The virus is putting society to the test

The coronavirus crisis is fundamentally different from earlier crises. Not only is it posing challenges for the economy and politics, it is putting our society’s entire value system to the test. It has paraded in front of our eyes what we are no longer able to ignore.

April 27, 2021

Matthias Horx

Trend researcher and futurologist

The thing I find most astonishing about the coronavirus crisisis that the global economy hasn’t been brought completely to its knees. That we haven’t experienced a lasting downturn, mass unemployment, or a stock market crash. What’s happened instead shows us just how outdated our standard economic models are.  In the midst of this major crisis, the stock markets are booming. How is that even possible? Maybe our economic systems are much more complex, flexible, and resilient than we’ve given them credit for.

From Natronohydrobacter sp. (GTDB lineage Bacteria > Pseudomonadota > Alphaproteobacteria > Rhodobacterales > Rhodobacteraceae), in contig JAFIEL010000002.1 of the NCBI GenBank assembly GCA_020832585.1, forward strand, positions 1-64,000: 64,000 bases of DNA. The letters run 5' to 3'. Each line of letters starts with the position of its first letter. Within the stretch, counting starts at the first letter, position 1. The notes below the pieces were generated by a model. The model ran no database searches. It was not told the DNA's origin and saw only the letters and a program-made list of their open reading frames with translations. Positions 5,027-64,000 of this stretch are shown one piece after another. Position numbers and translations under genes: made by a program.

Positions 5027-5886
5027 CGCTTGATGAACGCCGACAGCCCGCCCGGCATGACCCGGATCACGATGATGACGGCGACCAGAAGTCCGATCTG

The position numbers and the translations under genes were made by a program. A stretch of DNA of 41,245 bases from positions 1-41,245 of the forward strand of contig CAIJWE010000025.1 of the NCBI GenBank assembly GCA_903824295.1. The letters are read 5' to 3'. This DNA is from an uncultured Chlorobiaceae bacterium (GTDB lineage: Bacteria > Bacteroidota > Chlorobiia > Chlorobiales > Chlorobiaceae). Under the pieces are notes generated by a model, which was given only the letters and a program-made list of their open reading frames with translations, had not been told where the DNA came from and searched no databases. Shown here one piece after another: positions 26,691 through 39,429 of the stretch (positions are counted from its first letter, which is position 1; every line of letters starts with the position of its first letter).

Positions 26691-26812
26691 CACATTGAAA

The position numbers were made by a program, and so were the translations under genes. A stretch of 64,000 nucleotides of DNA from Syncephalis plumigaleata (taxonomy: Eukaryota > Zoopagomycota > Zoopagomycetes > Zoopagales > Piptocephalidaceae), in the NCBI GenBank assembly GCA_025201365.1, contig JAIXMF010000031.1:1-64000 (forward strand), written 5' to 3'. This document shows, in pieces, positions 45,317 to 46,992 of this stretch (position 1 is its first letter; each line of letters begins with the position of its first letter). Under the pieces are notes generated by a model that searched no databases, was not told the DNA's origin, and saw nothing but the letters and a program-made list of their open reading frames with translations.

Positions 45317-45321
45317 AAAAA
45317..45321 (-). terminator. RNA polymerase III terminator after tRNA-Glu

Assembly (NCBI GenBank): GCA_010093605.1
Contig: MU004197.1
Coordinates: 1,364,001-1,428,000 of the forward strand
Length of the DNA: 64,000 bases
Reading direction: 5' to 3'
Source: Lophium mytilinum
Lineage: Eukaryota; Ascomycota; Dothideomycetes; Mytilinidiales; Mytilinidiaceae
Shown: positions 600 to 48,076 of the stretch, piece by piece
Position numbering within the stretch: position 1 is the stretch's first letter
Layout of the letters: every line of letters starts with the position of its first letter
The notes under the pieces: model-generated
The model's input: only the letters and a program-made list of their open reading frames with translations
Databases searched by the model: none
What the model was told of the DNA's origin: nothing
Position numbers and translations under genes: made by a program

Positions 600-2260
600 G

Holism as a hallmark of the coronavirus crisis

The coronavirus crisis is different from other crises by virtue of  its holism. It differs from major catastrophes such as world wars or natural disasters in that society, individuals, politics, and the economy have in principle retained their ability to take action. It is a crisis of decision-making (“krísis” is the ancient Greek word  for “decision”). We can decide whether we wear a mask or not. Politicians can decide whether to impose strict measures or dismiss the whole thing as nonsense. Managers can seize the opportunity posed by the crisis to engage in innovation and reorganization. We can decide whether to take to the streets and protest against the “criminals in the control rooms”. Or we can decide simply to wait it out and grumble until it’s finally “over”.